Twilio SDK found Abused for Malvertising Assault


This week’s Twilio cloud communications platform as a service company (CPaaS) reported a security incident that culminated in hackers uploading a modified version of the TaskRouter JS SDK to their web.

The event occurred on 19 July and was found several hours later, removing the updated file within an hour.

Designed to provide easy interaction with the Twilio TaskRouter, the SDK was host in an improperly secured Amazon Web Services S3 bucket, making it accessible to the attackers.

The hackers were able to inject code “that made the user’s browser load an alien URL affiliated with attack group Magecart,” the company says.

Just version 1.20 of the TaskRouter JS SDK has been affected and the incident has been rapidly remedied, and Twilio does not believe this was a targeted attack, but an opportunistic one in nature.

“At this time, we have no proof that a bad actor was accessing any customer data. In addition, at no time has a malicious party compromised Twilio’s internal systems, code, or data, “says Twilio.

The accident, the company explains, was the result of a misconfiguration implemented about five years ago, which resulted in improperly secured access for the route that stores the TaskRouter SDK, enabling anyone to read and write to it.

“One S3 bucket from Twilio is used to support public content from the domain. We are hosting copies of our client-side JavaScript SDKs for Programmable Chat, Programmable Video, Twilio Client, and Twilio TaskRouter on that domain but this problem only affected v1.20 of the TaskRouter SDK, “the company notes.

The attackers reached the particular path through the Tor network on July 19, and uploaded a modified version of the file taskrouter.min.js.

The assault on the improperly secured S3 bucket from Twilio was part of a Magecart-linked campaign that was first observed in May, culminating in hundreds of unique domains being injected with the malicious “jqueryapi1oad” redirecting cookie.

The redirector appeared initially in April 2019 but continues to be exploited, says RiskIQ, which examined the initiative. A total of 362 unique domains were found by the security firm which were affected.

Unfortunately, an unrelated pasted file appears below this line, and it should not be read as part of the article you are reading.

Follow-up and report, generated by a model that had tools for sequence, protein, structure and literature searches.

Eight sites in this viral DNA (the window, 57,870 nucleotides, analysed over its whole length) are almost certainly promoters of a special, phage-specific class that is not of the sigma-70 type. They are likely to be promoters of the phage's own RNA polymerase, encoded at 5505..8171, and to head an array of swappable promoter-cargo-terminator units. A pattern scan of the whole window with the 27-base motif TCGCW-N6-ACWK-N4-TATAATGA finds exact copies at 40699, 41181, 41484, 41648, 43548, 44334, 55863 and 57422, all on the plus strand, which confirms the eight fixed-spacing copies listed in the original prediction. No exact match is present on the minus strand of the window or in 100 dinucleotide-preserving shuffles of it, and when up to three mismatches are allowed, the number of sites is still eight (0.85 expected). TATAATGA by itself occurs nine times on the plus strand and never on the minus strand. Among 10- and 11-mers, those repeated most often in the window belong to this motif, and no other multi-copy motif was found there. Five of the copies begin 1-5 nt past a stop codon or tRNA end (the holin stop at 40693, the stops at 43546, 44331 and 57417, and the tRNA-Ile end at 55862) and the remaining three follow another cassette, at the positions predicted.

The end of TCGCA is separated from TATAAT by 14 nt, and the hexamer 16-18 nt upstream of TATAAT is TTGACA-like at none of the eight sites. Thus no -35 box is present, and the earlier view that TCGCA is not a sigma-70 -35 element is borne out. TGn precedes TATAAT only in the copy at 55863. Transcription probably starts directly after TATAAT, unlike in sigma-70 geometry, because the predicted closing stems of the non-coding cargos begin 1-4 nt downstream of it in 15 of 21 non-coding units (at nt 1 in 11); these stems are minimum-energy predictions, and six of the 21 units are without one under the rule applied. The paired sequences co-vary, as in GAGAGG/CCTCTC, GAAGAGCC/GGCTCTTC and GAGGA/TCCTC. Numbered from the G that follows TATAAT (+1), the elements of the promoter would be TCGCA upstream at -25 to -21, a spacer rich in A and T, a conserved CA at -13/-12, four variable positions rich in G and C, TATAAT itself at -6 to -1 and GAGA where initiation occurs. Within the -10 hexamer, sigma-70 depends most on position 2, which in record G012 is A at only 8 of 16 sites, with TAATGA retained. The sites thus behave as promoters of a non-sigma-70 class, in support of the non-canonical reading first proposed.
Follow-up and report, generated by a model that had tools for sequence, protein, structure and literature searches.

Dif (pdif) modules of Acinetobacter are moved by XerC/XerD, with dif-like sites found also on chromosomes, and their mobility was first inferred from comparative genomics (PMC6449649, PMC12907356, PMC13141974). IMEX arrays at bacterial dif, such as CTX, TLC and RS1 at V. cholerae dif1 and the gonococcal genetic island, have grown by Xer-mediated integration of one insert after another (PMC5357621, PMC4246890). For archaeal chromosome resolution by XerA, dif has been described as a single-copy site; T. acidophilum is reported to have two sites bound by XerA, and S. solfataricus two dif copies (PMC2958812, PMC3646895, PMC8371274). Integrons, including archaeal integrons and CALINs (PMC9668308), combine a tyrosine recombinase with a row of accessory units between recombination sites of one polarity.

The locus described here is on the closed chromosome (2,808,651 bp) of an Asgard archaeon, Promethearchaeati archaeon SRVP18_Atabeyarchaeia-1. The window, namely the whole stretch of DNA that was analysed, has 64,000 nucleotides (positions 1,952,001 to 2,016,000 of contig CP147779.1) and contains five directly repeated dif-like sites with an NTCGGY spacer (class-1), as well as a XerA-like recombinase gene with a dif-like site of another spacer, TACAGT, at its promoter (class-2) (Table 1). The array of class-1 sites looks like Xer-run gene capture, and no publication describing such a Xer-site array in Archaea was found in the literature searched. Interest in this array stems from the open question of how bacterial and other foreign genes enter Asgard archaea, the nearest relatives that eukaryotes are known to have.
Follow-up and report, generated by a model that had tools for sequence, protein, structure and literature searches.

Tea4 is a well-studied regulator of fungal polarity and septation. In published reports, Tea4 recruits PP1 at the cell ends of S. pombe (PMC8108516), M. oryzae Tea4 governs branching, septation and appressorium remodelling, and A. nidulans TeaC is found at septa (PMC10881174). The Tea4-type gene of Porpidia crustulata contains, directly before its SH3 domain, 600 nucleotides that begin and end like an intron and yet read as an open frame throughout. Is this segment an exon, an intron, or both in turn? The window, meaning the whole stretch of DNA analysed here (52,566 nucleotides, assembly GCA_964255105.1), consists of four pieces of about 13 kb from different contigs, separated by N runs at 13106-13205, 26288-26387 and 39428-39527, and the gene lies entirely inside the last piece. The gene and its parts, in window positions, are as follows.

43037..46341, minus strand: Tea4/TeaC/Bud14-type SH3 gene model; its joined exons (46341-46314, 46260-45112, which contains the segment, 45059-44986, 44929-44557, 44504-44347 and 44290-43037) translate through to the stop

In the updated file that the attackers submitted to the vulnerable S3 bucket, Twilio found the very same “jqueryapi1oad” cookie. The attack was intended to guide users to a malicious domain but also to collect sensitive information about their computers.

“We performed a detailed audit of our AWS S3 buckets, and found other buckets with unsuitable write settings. This was the original bucket backup, which had a copy of the access rules. The other buckets we found didn’t store output or customer data and we didn’t find any signs of abusing them. None of the other hosted SDKs in Twilio had been affected, “states the business as well.

Twilio urges those who downloaded a copy of TaskRouter JS SDK 1.20 between 19 July, 1:12 PM and 20 July, 10:30 PM PDT (UTC-07:00), to re-download and immediately replace it. The replacement was carried out automatically for applications that dynamically load the SDK from Twilio’s CDN.

“Public cloud protection infrastructure vulnerability is a crown jewel for any attacker given the extent of control over dependent organizations and mobile applications that are widely deployed. Storage configuration, SDK and API attacks are an increasingly exploited vector that can result in misdirection, malware intrusion, exploitation and data theft, “said Mark Bower, senior vice president at comforte AG, in an emailed statement.

“While malvertising was the initial endgame here, that can in itself lead to end user applications and secondary data theft being compromised. Given the increasing dependence and sophistication of cloud applications and platforms, with further adoption, human error will have increasing effect and data breach implications, signalling the need for new approaches to protect risky data from simple but easy to make mistakes at a more robust level, “added Bower.

Mark Funk
Mark Funk is an experienced information security specialist who works with enterprises to mature and improve their enterprise security programs. Previously, he worked as a security news reporter.